Uterine rupture survival story teaches two lessons
Having a prior uterine surgery increases the risk of uterine rupture. The relative risk is still low, but it’s there.
Other factors, like induction, can increase that risk.
But sometimes there is no “reason” for a uterine rupture other than a prior cesarean.
Uterine rupture stories illustrate that even though the risk is ~ 0.4% (among those with one prior low transverse cesarean in a spontaneously laboring VBAC), that small number impacts real parents and babies.
Sometimes, outcomes are good. Other times, not good. And many things impact how a uterine rupture plays out.
This specific uterine rupture survival story is an excellent example of two things.
One, birthing parents and professionals, learn the facts so you know the symptoms of uterine rupture and how they present differently than labor pain. (Shoulder pain is another sign that I have seen missed.)
A tell tale sign in this situation was the sudden, sharp pain that persisted between contractions. This is a well-documented sign of uterine rupture which should have prompted further review rather than suggesting the mother get an epidural.
Two, birthing parents, listen to your instincts. They are almost always right. Even if it’s your first labor, if you feel that something is wrong, keep saying what is happening until someone listens.
One mother’s uterine rupture story:
“I was not induced, I went to 41.4 weeks and naturally went into labor.
I labored for 4 hours and then suddenly had this sharp pain in my lower right abdomen that was so strong and continued through contractions- the nurses knew and shook it off (they just thought I was being a pain because I didn’t want an epidural.) I literally asked if there was a chance that I ruptured because I read someone else’s story on here about their rupture.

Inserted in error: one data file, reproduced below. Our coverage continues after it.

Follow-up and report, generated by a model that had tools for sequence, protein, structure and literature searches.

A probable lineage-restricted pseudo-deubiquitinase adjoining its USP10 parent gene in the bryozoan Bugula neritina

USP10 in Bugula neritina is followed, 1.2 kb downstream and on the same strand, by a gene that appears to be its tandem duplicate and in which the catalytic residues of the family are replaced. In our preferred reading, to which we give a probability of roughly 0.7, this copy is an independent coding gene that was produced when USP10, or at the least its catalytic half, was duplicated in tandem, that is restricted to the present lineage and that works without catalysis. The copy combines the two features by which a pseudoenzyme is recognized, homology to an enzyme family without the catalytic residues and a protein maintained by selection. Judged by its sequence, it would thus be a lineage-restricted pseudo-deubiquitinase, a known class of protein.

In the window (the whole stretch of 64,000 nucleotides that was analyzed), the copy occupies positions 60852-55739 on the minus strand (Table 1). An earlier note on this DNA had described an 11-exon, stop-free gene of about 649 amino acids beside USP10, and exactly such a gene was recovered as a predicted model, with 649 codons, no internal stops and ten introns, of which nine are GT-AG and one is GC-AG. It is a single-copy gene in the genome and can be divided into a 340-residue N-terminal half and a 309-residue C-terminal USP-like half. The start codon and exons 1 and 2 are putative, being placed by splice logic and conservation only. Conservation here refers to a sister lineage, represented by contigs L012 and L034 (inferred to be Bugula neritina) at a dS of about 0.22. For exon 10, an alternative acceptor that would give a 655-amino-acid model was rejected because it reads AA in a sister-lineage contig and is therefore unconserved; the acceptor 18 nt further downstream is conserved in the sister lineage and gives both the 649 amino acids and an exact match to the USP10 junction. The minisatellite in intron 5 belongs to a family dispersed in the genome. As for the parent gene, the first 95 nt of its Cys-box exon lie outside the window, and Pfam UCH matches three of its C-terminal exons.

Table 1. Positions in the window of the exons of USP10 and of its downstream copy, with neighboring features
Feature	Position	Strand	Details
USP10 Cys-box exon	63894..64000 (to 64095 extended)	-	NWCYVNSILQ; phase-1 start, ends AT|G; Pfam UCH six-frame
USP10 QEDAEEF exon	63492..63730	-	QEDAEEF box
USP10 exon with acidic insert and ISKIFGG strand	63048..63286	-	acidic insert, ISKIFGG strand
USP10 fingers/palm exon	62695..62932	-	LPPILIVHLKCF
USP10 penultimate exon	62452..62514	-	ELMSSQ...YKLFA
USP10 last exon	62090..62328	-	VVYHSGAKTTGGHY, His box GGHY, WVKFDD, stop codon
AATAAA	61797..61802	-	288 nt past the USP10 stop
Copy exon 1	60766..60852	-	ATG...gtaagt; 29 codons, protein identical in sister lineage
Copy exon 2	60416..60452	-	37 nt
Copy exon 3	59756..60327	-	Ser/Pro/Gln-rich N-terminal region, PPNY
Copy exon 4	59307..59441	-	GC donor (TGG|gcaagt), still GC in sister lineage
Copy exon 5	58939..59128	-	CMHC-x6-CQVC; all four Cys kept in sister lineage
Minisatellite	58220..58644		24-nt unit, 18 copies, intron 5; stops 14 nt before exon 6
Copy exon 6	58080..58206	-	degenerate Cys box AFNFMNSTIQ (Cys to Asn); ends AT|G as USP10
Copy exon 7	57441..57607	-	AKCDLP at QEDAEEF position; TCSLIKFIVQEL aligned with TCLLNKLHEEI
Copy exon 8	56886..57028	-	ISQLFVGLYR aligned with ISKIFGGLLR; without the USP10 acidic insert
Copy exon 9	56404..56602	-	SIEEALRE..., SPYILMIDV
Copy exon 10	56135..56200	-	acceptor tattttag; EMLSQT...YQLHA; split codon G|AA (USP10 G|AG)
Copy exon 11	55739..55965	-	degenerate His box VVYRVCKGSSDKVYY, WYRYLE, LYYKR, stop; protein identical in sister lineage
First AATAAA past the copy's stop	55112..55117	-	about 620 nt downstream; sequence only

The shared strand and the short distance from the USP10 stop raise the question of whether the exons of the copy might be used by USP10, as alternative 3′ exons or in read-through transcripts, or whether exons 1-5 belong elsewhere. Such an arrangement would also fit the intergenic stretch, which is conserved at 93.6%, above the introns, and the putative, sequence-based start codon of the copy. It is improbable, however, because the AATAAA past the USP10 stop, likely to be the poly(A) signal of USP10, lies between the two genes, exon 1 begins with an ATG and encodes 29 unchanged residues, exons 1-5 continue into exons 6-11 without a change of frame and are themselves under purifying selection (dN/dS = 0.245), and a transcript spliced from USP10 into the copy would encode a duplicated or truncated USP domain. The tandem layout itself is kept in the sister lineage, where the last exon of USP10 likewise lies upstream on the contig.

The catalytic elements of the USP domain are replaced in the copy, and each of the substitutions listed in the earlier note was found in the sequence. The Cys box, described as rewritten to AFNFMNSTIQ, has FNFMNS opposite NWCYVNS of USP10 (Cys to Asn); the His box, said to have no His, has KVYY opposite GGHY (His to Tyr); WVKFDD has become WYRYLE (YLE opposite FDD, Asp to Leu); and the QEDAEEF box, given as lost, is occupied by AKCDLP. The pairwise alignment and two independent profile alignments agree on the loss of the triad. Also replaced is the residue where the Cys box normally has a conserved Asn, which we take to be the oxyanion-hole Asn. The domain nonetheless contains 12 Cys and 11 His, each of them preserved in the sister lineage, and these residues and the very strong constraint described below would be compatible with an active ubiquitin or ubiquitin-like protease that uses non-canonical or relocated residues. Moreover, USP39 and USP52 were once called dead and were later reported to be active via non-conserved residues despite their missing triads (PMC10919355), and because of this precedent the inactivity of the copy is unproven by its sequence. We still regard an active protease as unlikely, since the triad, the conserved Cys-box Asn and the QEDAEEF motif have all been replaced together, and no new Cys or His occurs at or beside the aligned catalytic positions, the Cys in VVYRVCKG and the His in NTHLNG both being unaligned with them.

It finally became so intense I did ask for an epidural and thankfully I did because the next morning while still laboring, my daughters heart rate dropped and we rushed into emergency c section.
When they moved me from my bed to the operating table, I started bleeding out and when my OB cut into me, she informed me that I had ruptured.
She had never dealt with a rupture and it was clear. She kept saying she couldn’t get the baby out and I could tell she was a little frantic.
My baby busted through the corner of my last internal suture and that’s where I felt the pain between contractions (listen to your bodies ladies – you know when something is wrong and my nurses didn’t listen).
I literally started telling my husband to take care of the babies if I didn’t make it.
I know this is scary but it’s real. I’m not trying to scare anyone. I still support those who wish to have a VBAC.
What happened to me is RARE.
Thank God and all the stars that my baby made it out (my incision was cut larger) and that I did too. She is 100% healthy and happy and turning 2 in December ❤”
As a birth professional, your clients turn to you when they need information.
Providing them with emotional support and accurate information gives parents the foundation they need to make truly informed decisions.
If you would like confidently communicate the facts to your clients so they can make truly informed decisions, then join the VBAC Facts Membership for Professionals. It is the most comprehensive resource available to perinatal professionals who want to increase VBAC access in their community.
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As an internationally recognized consumer advocate and Founder of VBAC Facts®, Jen helps perinatal professionals, and cesarean parents, achieve clarity on vaginal birth after cesarean (VBAC) through her educational courses for parents, online membership for professionals, continuing education trainings, and consulting services. She speaks at conferences across the US, presents Grand Rounds at hospitals, advises on midwifery laws and rules that limit VBAC access, educates legislators and policy makers, and serves as an expert witness and consultant in legal proceedings. She envisions a time when every pregnant person seeking VBAC has access to unbiased information, respectful providers, and community support, so they can plan the birth of their choosing in the setting they desire.